Jesse Hartley's warehouse, on the north side of Stanley Dock
|Location||Vauxhall, Liverpool, Merseyside, United Kingdom|
|Area||7 acres (2.8 ha), 120 sq yd (100 m2)|
|Width at entrance||51 ft (16 m)|
|Quay length||753 yd (689 m)|
Stanley Dock is a dock on the River Mersey, England, and part of the Port of Liverpool. It is situated in the Vauxhall area of Liverpool and is part of the northern dock system. The dock is connected to the Leeds and Liverpool Canal to the east and Collingwood Dock to the west.
Designed by Jesse Hartley, it opened on 4 August 1848. The dock is the only one in Liverpool which was built inland, all the others being built out from the foreshore. The original quay warehouses are of a similar design to those at Albert Dock and are grade II* listed buildings. The warehouses were built to five storeys, covering an area of 12,000 sq yd (10,000 m2). Part of the northern quay warehouse was demolished after sustaining damage in an air raid during the Second World War. The southern quay warehouse remains, however no longer on a quay. Between 1897-1901, the southern part of the dock was filled in to build the large Stanley Dock Tobacco Warehouse by Anthony George Lyster. The tobacco warehouse stands between the new quay between and the older southern quay warehouse.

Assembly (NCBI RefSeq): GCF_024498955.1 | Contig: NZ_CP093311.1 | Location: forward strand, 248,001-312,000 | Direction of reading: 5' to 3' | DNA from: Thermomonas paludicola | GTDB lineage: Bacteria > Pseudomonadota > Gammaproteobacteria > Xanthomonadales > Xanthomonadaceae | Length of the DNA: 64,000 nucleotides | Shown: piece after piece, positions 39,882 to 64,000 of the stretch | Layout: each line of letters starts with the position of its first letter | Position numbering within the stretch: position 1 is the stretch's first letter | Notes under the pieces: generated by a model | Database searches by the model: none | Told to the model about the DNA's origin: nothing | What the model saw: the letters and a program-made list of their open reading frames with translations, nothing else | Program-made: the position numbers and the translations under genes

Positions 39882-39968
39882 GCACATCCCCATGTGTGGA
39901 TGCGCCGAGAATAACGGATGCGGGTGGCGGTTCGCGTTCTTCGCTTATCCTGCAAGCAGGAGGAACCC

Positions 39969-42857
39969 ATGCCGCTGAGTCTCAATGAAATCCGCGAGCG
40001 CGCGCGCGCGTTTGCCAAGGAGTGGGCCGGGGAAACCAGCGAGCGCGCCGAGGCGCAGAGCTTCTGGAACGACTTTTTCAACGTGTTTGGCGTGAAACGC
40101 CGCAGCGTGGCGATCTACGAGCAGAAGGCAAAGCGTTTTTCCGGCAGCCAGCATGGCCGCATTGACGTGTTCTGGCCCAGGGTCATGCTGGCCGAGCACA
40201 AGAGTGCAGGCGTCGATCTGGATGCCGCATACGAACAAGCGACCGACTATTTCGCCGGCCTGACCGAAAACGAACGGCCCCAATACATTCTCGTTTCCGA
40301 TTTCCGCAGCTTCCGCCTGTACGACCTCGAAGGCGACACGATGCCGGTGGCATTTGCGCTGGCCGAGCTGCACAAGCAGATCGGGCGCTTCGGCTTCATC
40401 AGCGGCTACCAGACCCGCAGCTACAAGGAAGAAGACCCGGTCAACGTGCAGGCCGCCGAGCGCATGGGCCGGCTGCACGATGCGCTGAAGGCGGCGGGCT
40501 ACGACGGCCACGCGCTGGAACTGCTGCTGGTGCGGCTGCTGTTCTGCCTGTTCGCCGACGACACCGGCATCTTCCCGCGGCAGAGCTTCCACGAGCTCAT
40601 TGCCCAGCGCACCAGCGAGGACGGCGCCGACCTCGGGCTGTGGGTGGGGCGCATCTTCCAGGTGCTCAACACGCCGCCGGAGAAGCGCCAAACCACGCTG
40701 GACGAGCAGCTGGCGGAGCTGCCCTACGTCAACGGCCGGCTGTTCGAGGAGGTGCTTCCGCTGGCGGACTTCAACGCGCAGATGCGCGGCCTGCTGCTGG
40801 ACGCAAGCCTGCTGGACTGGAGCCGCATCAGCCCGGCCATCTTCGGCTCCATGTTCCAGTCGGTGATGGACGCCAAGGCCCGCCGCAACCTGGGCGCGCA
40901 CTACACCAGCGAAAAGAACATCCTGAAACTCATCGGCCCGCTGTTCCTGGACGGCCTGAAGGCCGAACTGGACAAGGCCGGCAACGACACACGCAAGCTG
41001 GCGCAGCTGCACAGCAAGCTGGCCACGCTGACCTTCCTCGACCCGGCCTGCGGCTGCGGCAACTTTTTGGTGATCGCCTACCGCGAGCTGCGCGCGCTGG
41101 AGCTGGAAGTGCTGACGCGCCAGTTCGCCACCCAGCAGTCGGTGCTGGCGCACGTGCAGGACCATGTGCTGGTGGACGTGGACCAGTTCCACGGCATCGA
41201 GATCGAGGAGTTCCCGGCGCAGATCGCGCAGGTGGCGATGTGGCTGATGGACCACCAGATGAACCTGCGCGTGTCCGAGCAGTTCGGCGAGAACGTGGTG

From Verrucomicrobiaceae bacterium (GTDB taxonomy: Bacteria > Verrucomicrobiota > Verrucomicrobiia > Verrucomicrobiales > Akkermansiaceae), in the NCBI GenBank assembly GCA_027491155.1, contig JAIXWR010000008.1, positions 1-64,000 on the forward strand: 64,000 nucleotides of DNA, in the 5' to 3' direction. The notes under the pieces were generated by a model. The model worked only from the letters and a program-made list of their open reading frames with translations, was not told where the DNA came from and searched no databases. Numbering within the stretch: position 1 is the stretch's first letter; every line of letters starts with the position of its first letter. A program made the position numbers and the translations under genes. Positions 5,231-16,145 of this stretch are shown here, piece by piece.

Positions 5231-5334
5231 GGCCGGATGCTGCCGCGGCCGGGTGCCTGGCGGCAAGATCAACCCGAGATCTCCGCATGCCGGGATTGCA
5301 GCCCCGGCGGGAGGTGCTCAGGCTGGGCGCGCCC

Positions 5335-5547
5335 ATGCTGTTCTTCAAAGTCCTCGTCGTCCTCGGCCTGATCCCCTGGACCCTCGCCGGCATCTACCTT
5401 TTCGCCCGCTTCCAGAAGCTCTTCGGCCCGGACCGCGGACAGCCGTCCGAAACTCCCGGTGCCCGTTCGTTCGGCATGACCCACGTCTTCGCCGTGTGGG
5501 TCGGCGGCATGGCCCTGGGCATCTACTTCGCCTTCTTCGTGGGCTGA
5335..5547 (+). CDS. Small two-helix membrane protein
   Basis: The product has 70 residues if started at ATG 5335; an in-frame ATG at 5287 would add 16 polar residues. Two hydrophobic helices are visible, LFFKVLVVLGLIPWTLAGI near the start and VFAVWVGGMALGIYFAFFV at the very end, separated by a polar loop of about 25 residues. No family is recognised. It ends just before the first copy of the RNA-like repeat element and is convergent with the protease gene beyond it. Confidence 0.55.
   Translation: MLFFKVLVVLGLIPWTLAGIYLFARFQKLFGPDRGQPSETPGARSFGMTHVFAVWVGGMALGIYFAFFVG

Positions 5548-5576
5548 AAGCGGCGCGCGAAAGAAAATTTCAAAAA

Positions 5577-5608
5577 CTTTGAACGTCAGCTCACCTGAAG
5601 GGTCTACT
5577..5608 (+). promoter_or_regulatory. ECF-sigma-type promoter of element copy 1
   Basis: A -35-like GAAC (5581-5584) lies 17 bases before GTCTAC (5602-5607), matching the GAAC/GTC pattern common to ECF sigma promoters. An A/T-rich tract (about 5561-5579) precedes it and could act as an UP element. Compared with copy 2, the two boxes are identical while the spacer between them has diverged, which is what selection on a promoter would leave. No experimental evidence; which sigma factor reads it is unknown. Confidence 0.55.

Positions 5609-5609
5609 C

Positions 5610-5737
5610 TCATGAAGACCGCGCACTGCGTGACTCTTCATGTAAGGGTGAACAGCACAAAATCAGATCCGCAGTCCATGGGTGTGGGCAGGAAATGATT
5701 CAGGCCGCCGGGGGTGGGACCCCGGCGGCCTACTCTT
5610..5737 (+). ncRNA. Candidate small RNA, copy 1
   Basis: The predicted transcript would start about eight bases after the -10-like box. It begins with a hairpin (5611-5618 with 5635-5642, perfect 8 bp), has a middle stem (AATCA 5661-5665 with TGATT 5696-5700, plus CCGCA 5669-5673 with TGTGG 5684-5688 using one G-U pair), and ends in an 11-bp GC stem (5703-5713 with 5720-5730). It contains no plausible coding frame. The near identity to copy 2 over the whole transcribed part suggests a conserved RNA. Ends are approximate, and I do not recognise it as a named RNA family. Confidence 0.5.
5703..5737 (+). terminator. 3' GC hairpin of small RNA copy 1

There are two entrances to the Stanley Dock complex at the south end from Regent Road and two at the north from Great Howard Street, via sets of three granite towers. These towers are similar in design to the towers in other Liverpool docks, and originally had sliding gates set into the thickness of the wall. There is also a link to the canal which opened in 1848, via the bridge under Great Howard Street, also designed by Hartley. The adjoining branch canal is 1,400 ft (430 m) in length and was built with a staircase of four locks, each 80 ft (24 m) apart, with a width of 16 1⁄2 ft (5.0 m). The staircase was built by J. B. Hartley.
The dock is the focal point of the Stanley Dock Conservation Area. In 2006, work commenced on a £20 million extension of the Leeds and Liverpool Canal, providing a further 1.4 miles of navigable waterway towards the Pier Head. As of March 2007, plans have been unveiled for the warehouses to be redeveloped into office space and a total of 930 apartments. The plans involve digging out the centre of the tobacco warehouse to create a garden-filled courtyard.
The remaining parts of the northern warehouse were in a "poor" condition, and on the Heritage at Risk register 2011, but were approved for redevelopment. The northern warehouse has since been developed in to a hotel devoted to the White Star Line's RMS Titanic liner, which has strong links to the area's history of docks and shipping.
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